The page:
Go to National Library of New Zealand Te Puna Mātauranga o Aotearoa
Volume 19, 1886
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Art. XLIX.Traces of Volcanic Dust-showers at Napier, Petane, and generally throughout the East Coast Districts, North of Cape Kidnappers.

[Read before the Hawke's Bay Philosophical Institute, 12th July, 1886.]

The results of some recent experiments made by me upon the dark soils covering the Napier and Petane Hills, as also upon a dark sand deposit near Mr. Villers' hotel at Petane, may not prove uninteresting to members of this Society. For some time past I have been collecting data as to the extent and character of the pumice deposits of the East Coast District between Poverty Bay and the Manawatu Gorge, in the Seventymile Bush. Within this wide area there is ample evidence of comparatively recent volcanic products; but until examining specimens of the ejectamenta of the recent eruptions at Tarawera, in the Lake District, the thought had not occurred to me that possibly there might be evidence in our Napier hills of dust showers similar to those which have been experienced in the district extending from Tologa Bay to Tauranga, including the whole of the Bay of Plenty.

The Napier hills, or, at least, those portions of them that have not suffered from extreme denudation, are covered with a remarkable cap of what at first inspection seems to be a dark vegetable soil. When first broken up this soil is very productive; but this quality quickly disappears unless manures are plentifully used, there being little or no “body” in the soil. I had often wondered how such a cap of black soil came to be formed upon the hills, for only a small percentage is of vegetable origin; but on seeing several specimens of the volcanic dust and sands which fell upon the deck of the “Southern Cross,” on her way down from Auckland at the time of the Tarawera eruption, the thought at once occurred to me that possibly the black soil of Napier and surrounding district might be the result of similar showers of volcanic dust, at a time when the volcanic cones of Ruapehu, Ngauruhoe, Tongariro, Tauhara, and others were in a condition of activity. The results of my tests confirm this opinion; for I find that among the many tests I have made of the soils in and around Napier, a very large percentage, in fact the greater portion, are of volcanic origin.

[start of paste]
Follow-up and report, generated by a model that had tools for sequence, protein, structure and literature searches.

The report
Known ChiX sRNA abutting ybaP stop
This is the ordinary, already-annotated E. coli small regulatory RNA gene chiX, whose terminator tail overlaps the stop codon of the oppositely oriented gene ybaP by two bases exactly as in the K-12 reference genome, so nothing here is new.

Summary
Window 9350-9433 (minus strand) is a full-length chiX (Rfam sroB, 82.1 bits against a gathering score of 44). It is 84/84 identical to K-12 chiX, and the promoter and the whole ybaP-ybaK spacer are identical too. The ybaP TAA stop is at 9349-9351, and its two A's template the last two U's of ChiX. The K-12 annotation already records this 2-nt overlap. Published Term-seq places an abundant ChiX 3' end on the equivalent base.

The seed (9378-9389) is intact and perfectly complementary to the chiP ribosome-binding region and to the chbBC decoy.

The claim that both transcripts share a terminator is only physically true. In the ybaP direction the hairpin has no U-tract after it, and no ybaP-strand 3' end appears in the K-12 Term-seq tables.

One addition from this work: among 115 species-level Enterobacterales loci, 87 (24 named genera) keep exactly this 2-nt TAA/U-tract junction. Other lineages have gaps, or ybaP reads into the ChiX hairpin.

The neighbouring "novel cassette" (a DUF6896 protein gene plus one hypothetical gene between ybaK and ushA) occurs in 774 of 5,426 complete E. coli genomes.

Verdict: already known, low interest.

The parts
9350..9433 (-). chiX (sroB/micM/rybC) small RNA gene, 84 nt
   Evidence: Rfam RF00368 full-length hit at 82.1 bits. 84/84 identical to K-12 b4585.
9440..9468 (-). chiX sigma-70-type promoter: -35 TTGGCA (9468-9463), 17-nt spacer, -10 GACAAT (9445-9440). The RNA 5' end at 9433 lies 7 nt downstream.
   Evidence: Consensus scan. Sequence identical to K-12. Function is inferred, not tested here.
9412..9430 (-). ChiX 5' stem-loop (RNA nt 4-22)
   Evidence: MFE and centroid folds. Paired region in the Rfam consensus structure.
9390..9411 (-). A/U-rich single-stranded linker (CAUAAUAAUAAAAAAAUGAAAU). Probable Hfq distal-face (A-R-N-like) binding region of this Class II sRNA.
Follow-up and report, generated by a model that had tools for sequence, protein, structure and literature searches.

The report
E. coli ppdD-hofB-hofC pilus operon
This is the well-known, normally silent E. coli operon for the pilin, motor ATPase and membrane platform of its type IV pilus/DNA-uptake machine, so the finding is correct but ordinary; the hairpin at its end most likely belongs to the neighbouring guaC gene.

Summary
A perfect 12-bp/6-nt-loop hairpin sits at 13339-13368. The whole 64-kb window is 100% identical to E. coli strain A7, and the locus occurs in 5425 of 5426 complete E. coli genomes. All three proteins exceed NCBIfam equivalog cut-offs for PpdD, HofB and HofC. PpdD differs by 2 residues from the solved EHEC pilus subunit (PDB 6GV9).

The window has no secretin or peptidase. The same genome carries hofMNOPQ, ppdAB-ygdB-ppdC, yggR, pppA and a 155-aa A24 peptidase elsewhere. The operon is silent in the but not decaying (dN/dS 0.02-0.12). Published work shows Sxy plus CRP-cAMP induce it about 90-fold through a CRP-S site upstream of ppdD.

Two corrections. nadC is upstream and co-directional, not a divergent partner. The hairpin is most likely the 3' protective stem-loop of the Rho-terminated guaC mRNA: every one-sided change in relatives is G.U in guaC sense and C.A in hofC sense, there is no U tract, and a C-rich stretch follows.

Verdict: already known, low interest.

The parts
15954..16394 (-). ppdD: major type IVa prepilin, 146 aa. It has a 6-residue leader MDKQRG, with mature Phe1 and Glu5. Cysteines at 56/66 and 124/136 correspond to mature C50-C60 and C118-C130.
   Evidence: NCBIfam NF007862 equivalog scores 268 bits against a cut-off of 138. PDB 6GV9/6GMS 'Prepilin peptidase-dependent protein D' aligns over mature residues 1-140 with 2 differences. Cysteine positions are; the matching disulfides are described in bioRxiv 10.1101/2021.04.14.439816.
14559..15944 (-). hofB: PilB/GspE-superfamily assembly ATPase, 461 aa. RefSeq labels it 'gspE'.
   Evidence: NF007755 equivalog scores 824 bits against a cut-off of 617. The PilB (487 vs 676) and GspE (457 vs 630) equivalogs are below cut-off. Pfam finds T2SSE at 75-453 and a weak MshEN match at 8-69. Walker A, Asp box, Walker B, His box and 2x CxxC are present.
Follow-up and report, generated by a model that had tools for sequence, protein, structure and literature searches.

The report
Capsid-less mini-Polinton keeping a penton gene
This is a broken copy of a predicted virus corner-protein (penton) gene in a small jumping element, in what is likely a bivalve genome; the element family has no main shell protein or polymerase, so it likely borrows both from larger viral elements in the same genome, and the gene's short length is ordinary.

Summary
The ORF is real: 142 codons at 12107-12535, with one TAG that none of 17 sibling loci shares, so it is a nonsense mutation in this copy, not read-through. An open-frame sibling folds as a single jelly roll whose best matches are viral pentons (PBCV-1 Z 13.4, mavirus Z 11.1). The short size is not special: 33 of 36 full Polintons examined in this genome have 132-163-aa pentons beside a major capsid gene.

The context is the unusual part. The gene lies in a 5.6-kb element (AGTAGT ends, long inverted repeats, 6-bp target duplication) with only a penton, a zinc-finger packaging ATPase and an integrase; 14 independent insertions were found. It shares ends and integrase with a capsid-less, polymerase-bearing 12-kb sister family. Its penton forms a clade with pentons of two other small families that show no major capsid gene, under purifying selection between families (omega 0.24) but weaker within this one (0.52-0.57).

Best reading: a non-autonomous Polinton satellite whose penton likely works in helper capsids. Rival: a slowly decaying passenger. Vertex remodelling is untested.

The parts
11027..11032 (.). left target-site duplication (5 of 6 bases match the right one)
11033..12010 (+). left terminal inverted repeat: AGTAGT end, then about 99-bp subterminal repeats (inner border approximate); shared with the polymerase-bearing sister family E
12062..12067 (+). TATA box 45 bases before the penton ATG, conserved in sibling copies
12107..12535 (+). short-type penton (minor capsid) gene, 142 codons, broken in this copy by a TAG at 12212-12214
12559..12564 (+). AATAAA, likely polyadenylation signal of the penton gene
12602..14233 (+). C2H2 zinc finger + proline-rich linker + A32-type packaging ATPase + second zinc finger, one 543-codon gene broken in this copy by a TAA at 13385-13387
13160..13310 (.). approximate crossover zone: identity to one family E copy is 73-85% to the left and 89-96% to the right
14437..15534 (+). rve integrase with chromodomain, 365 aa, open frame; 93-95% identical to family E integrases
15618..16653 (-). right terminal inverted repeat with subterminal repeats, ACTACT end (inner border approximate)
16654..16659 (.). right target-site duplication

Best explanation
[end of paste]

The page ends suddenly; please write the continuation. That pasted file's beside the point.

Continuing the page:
My experiments were carried out in the following manner: I obtained from the edge of the Napier Bluff, and immediately underlying the turf, a small parcel of black soil, containing altogether about 20 ounces. This I moistened with water, and made up into a kind of paste. I then arranged five different receivers, one inside the other, so that the overflow of water

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from the smallest vessel might pass into the one next in size, and so on. Water was then allowed to run slowly upon the pasty mixture, which was stirred continuously, so as to drive off the vegetable matter and lighter products. The process was continued until nothing remained of the original soil except the heavier and insoluble sands and grits. After allowing the mud and lighter sands which had overflowed into the different vessels to settle, the water was drawn off, and the sediment or deposit contained in each was carefully collected and placed in an oven to dry. The same plan was followed with a number of other specimens from the hills where the lands had not been broken up, as also from other places outside Napier, and in each instance the results were very similar. The products, as far as I have been able to make out with any degree of certainty, are: pumice sands, magnetic iron sands (magnetite), lava, ashes, felspar, nepheline, leucite, and olivine. Under the microscope beautiful specimens of minute glass-like rod crystals of leucite were common, having a faint black or dotted line running through them similar to those described by Rutley.